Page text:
As the semester, and the Shenandoah Internship, concluded this week, I prepared to return home to Southside Virginia, where I will spend some of the break working at the local library. Yesterday was my first day back at the library, and as I was wandering among the bookcases, trying to force books onto overcrowded shelves, the authors’ names and book titles jumped out at me as I passed, just like they always have. It’s almost like playing a word association game. As soon as I’ve seen an author’s name, certain thoughts spring to mind. Charles Dickens – orphans. David Foster Wallace – footnotes. Dixie Cash – seriously? I realized yesterday that many names and titles I had hardly known before this past semester had taken on different meanings. Umberto Eco now makes me ponder innocence and sincerity in a postmodern age. When the biography Papa Hemingway catches my eye, I remember that the author, A. E. Hotchner, was Hemingway’s friend and is said to have suggested the title of A Moveable Feast.
In the midst of this reflection, my own thoughts begin to sound pretentious to me. Highfalutin, as people around here might be expected to say, although I’ve never heard it said.
In “Two Ways of Seeing a River,” from Mark Twain’s Life on the Mississippi, Twain, now that he has learned to see the river as a steamboat pilot, reflects “No, the romance and the beauty were all gone from the river.” He suggests a comparison between himself and a doctor who can no longer see the beauty in a woman because he is instead looking for the signs of disease in the color of her cheek. I don’t mean to say that when I became an English major, all the mystery went out of books. But I do think that my humility, my sense of the vastness of literary knowledge and my own inability to begin to understand even a significant portion of it, has been reduced somewhat by the new sense of knowingness that studying English intently has given me.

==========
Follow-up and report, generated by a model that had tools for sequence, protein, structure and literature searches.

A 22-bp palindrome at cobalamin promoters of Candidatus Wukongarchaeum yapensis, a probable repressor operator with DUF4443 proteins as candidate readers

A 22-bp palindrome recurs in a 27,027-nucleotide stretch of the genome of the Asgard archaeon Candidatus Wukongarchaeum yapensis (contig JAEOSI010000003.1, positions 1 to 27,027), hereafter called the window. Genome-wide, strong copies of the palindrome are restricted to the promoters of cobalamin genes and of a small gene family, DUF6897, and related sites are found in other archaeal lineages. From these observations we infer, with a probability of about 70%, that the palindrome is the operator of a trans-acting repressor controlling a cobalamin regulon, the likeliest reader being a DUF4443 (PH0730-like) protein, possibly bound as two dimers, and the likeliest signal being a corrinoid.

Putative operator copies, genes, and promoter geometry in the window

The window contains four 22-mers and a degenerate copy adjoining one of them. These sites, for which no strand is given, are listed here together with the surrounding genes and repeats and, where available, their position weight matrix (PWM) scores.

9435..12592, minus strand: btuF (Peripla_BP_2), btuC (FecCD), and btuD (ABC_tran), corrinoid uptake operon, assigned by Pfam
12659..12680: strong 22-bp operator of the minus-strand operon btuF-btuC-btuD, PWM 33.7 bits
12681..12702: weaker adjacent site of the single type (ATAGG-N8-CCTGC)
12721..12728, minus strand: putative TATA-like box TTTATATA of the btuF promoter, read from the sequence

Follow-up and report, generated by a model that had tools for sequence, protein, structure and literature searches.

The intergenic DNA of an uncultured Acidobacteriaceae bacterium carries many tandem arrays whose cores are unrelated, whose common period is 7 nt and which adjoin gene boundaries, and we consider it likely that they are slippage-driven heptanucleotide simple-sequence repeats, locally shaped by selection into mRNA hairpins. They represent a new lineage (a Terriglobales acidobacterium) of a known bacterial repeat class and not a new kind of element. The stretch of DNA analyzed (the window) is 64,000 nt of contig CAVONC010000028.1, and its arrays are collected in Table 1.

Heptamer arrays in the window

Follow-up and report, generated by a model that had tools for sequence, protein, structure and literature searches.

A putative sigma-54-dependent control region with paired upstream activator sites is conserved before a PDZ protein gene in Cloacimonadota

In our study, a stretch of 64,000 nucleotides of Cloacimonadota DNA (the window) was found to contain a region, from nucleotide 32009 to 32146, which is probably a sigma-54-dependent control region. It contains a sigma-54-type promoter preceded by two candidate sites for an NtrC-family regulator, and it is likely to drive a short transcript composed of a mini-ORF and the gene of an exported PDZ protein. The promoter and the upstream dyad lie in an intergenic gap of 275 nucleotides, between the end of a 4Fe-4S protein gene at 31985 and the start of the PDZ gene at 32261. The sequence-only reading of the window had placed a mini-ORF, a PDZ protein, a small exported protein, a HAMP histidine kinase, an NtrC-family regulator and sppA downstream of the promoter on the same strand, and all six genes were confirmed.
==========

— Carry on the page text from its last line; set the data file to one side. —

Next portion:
I don’t mean to say that getting an education is in any way a negative thing, but for writers, I know there is some debate over who is, well, cooler: the academic/career writer or the “real person” with a “real job” who writes based on their “real” experiences. To offer an example of the value of experience, I would put forth the Shenandoah Internship. I personally believe I have learned more than I likely ever would have known otherwise about publishing and literary journals without writing a single academic paper, but instead being occupied with the blog and other tasks–all part of the modern literary journal trade. Yet, all the pretentious thoughts I was thinking at the library I learned in a pretty intense, research-filled English course, and I derive a great deal of satisfaction from having taken it and I know I will write better for it. Both have been equally valuable to me. For writers and readers, is anything lost in becoming immersed academically in literature and writing as opposed to learning about literature through other experiences? Obviously an immeasurable amount of knowledge (and experience) is gained, but is there a hidden cost to becoming an academic (besides tuition)?